Death rate:
9.1 deaths/1,000 population (2002 est.)
Net migration rate:
-2.51 migrant(s)/1,000 population (2002 est.)
Sex ratio:
at birth: 1.05 male(s)/female
under 15 years: 1.02 male(s)/female
15-64 years: 0.96 male(s)/female
65 years and over: 0.61 male(s)/female
total population: 0.96 male(s)/female (2002 est.)
Infant mortality rate:
75.92 deaths/1,000 live births (2002 est.)
Life expectancy at birth:
total population: 63.56 years
female: 67.98 years (2002 est.)
male: 59.35 years
Total fertility rate:
3.16 children born/woman (2002 est.)
HIV/AIDS - adult prevalence rate:
less than 0.01% (1999 est.)
HIV/AIDS - people living with HIV/AIDS:
less than 100 (1999 est.)
HIV/AIDS - deaths:
less than 100 (1999 est.)
noun: Kyrgyzstani(s)
adjective: Kyrgyzstani
Ethnic groups:
Kyrgyz 52.4%, Russian 18%, Uzbek 12.9%, Ukrainian 2.5%, German 2.4%, other 11.8%
Muslim 75%, Russian Orthodox 20%, other 5%
Kyrgyz - official language, Russian - official language
note: in December 2001, the Kyrgyzstani legislature made Russian an official language, equal in status to Kyrgyz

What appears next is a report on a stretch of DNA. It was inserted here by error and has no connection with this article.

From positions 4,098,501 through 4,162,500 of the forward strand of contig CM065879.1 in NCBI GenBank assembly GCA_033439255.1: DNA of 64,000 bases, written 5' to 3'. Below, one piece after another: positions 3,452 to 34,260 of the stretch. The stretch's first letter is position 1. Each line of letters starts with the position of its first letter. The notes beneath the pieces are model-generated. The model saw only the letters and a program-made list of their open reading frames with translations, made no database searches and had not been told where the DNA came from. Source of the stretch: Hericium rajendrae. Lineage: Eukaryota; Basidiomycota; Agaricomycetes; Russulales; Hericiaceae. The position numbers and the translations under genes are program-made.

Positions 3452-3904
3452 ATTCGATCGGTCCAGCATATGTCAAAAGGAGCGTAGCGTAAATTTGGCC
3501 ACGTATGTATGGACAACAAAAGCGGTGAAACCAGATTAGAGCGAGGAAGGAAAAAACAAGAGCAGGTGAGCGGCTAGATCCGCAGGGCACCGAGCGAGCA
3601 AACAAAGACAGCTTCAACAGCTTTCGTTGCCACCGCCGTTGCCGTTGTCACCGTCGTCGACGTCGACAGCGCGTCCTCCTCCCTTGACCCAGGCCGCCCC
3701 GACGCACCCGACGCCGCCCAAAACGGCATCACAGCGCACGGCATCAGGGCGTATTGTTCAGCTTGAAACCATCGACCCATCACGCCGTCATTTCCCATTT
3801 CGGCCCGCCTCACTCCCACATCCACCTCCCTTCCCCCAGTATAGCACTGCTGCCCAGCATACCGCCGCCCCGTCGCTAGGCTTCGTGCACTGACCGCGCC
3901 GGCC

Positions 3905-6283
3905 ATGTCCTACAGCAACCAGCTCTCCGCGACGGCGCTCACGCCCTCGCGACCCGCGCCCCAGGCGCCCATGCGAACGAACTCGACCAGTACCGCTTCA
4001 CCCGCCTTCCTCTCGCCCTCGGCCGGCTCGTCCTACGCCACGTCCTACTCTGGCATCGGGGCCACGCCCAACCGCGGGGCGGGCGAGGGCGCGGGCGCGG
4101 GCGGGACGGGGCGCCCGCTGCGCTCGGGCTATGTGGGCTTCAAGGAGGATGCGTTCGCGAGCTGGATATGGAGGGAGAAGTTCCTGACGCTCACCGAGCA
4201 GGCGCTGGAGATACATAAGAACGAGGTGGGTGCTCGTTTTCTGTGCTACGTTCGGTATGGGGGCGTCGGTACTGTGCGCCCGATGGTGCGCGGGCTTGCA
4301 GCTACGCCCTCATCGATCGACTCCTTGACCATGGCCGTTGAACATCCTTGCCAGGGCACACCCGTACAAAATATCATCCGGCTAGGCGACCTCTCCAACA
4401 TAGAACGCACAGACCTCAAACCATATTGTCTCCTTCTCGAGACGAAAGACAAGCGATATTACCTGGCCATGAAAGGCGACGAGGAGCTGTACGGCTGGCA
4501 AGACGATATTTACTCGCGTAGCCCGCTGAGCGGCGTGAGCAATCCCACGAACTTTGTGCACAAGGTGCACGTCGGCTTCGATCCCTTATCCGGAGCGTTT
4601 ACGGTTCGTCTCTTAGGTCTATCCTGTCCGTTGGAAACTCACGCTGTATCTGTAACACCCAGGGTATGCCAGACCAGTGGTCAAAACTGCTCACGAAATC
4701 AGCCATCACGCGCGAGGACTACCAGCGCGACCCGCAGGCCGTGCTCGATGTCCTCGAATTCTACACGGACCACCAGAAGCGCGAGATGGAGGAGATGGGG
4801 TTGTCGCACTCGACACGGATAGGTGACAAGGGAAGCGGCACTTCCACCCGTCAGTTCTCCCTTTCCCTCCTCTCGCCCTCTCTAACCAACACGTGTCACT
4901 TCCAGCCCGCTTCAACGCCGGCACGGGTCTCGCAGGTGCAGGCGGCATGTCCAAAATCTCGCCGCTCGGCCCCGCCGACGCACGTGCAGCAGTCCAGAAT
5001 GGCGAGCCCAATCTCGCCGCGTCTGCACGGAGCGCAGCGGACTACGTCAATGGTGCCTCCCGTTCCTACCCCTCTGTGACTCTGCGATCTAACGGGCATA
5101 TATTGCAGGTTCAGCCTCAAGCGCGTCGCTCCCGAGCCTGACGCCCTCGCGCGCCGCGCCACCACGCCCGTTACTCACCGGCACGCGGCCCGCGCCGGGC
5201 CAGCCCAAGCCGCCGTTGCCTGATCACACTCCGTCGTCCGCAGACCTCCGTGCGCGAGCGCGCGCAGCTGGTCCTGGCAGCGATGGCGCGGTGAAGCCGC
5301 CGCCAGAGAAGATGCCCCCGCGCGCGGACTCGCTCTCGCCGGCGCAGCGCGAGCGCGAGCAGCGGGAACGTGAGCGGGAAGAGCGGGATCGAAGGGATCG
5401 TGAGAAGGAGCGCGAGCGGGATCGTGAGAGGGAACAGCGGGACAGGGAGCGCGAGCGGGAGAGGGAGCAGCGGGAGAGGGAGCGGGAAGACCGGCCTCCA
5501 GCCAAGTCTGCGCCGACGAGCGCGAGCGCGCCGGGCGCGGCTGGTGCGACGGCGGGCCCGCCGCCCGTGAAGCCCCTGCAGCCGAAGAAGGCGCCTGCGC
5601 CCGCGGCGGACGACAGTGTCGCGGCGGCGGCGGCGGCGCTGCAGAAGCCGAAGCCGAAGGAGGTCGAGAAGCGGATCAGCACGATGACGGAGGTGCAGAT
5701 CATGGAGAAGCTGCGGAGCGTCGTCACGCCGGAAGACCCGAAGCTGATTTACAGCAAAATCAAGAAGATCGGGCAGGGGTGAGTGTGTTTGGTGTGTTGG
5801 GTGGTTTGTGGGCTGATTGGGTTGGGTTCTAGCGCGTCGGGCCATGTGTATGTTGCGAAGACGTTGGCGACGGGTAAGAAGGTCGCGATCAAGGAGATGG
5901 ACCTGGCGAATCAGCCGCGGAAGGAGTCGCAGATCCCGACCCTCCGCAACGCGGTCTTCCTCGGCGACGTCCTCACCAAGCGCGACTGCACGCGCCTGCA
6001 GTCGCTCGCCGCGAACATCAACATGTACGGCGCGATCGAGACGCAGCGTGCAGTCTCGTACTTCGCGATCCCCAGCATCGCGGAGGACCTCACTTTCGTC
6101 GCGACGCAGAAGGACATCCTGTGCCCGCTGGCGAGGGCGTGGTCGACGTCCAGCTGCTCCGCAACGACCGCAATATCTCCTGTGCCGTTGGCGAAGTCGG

definition: age 15 and over can read and write
total population: 97%
male: 99%
female: 96% (1989 est.)
Government Kyrgyzstan
Country name:
conventional long form: Kyrgyz Republic
conventional short form: Kyrgyzstan
local short form: none
former: Kirghiz Soviet Socialist Republic
local long form: Kyrgyz Respublikasy
Government type:
Administrative divisions:
7 provinces (oblastlar, singular - oblasty) and 1 city* (shaar); Batken Oblasty, Bishkek Shaary*, Chuy Oblasty (Bishkek), Jalal-Abad Oblasty, Naryn Oblasty, Osh Oblasty, Talas Oblasty, Ysyk-Kol Oblasty (Karakol)
note: administrative divisions have the same names as their administrative centers (exceptions have the administrative center name following in parentheses)
31 August 1991 (from Soviet Union)
National holiday:
Independence Day, 31 August (1991)
adopted 5 May 1993; note - amendment proposed by President AKAYEV and passed in a national referendum on 10 February 1996 significantly expands the powers of the president at the expense of the legislature
Legal system:
based on civil law system
18 years of age; universal
Executive branch:
chief of state: President Askar AKAYEV (since 28 October 1990)
head of government: Prime Minister Nikolay TANAYEV (since 22 May 2002); note - Prime Minister Kurmanbek BAKIYEV resigned on 22 May 2002 when five demonstrators were killed in clashes with the police
cabinet: Cabinet of Ministers appointed by the president on the recommendation of the prime minister